Between 1900 and 1965 our house was in the London County Council's Borough of Finsbury (itself named after the medieval manor of the Fiennes family, to which the actors are related). Now we are in the Greater London Council's London Borough of Islington (an amalgamation of the LCC boroughs of Finsbury and Islington).  We're in the parliamentary district of "Islington South and Finsbury."  The Borough of Islington now stretches all the way from the City to Highgate Cemetery (almost to Hampstead Heath), so saying that you live in Islington is a bit like saying that you live in Manhattan.  "The modern borough of Islington has had 35 years to evolve an identity as a whole," writes Alec Forshaw, the borough's chief Conservation Officer in Twentieth Century Buildings in Islington (2001), "but local areas such as Clerkenwell, King's Cross, Highbury, Holloway, or the Archway arguably mean more to local residents than generic Islington."

Gentrification has gained inexorable momentum in Islington and in Clerkenwell since the 1960s. Arguably, we are in a phase of re-re-re-gentrification (let me count the ways).  Pubs, banks, offices, factories, water board offices are currently being converted into flats at an increasing tempo (although we seem almost at the point of there being nothing left too convert and no slivers of land left unconstructed). Purpose-built flats have sprung up like mushrooms on every scrap of vacant (or demolished) space. Quite humdrum facades are being lovingly maintained while new flats are built behind them--in contrast to the wanton demolitions of the mid-twentieth century.  (London University has proved a worse vandal than Hitler.)  Prices on everything have soared, by now a global phenomenon.  (At what juncture may we have to revise these observations?)  The house next door to ours (the house with the dark blue door, above left, next to our house with the dark green door and with ivy on its railings), enjoys the same, oddly trapezoidal, house plan.  It came on the market for GBP 925,000 in June 2005 (For the link, which helps explain our own elevation and floor plan, see below.).  We have ceased to display amazement.  In August 2002 a larger house further down the street commanded GBP 1.25 million.  Furnished garden flats on Ingelbert Street (around the corner from us) recently commanded GBP 475 per week (ca. USD $900), and another larger house on our street, but an absolute wreck, sold for GBP 800,000 in 2004.  The pub just down the street sold for a mere GBP 500,000 in 2005 (for domestic conversion), but it will cost another 750,000 + to rehab it.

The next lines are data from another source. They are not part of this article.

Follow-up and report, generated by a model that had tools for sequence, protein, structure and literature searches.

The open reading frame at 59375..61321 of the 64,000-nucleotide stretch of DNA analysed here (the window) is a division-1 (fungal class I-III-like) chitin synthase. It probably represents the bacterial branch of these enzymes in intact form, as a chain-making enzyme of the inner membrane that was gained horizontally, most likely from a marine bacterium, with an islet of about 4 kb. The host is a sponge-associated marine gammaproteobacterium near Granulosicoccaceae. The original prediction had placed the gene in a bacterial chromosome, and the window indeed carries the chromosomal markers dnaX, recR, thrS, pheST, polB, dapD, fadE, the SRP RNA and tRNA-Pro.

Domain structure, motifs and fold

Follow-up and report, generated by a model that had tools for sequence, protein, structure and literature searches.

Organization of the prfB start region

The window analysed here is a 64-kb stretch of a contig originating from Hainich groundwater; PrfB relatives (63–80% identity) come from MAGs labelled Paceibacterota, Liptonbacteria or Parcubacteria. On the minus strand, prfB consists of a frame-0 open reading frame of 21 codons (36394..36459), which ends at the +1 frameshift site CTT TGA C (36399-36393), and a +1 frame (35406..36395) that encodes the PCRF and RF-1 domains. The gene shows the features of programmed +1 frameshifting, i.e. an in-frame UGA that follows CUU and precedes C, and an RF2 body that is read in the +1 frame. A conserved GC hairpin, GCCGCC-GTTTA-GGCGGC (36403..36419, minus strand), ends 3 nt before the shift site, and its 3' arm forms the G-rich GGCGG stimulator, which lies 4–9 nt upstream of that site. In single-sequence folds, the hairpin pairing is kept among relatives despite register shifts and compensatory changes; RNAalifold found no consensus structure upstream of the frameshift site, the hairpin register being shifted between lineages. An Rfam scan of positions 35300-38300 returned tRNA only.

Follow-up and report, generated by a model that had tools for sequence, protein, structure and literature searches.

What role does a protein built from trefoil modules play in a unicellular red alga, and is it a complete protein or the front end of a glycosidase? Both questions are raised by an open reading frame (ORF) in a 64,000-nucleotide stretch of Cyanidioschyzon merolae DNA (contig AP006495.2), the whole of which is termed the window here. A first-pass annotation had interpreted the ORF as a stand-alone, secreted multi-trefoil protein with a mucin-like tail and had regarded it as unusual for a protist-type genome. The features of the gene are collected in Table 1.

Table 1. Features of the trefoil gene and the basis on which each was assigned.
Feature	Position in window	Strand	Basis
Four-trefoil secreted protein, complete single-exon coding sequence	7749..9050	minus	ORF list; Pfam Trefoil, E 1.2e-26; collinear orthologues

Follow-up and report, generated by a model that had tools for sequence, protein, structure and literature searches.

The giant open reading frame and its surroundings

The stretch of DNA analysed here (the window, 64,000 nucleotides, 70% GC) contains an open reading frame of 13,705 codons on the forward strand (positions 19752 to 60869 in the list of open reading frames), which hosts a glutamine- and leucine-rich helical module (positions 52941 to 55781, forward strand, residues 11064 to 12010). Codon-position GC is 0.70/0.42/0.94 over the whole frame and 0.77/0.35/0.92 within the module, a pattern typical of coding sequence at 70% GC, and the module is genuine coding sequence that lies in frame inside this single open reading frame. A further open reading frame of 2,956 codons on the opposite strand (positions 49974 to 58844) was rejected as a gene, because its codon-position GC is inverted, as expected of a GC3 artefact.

Not that we should be surprised by such prices.  In the most recent survey (June 2005) London emerges a great (and greatly expensive) city -- the third most expensive in the world after Tokyo and Osaka; the highest scoring US city, New York, ranks thirteenth -- and the only proper comparison (also as regarding square footage) in the States remains to New York City.  (But the Brits live in houses or flats with gardens, which New Yorkers, Parisians, and most Europeans do not).

Prime Minister Tony Blair (now Tony B. Liar to some) formerly lived on the other side of Pentonville Road.  Urban legend has it that the sale of his house, after he had won the general election of 1997, stimulated the price-boom in London housing (and hence in English housing: cool Britannia!).  Blair and Gordon Brown, future Chancellor of the Exchequer, met for their famous "Last Supper" of 31 July, 1994 at the Granita restaurant on close-by Upper Street where the future of New Labour's leadership (and, hence, of who would be Prime Minister) was threshed out.  Granita is famous for its "brutally minimalist" decor and its unstated policy of "no tablecloths, small portions, big bills."  Shadow Chancellor Brown "fell on his fork" and ceded the leadership of the Labour Party to Blur: "'Blair', 'Granita', and 'Islington' were blended into a whole -- pomme nouveau labour" (Observer. 11.viii, 1996).  "Brown didn't eat much, and was seen later that evening in Rodin's Restaurant in Westminster, tucking into a large steak" (Independent, 13.vii,1996).  The political marriage of Blair and Brownie has entered political folklore and continues to run as a compelling Westminster soap opera.  Whatever the case about their Last Supper, Time Out several years ago declared Upper Street, Islington, "London's Dining Capital."  But Clerkenwell is now nipping at its heels!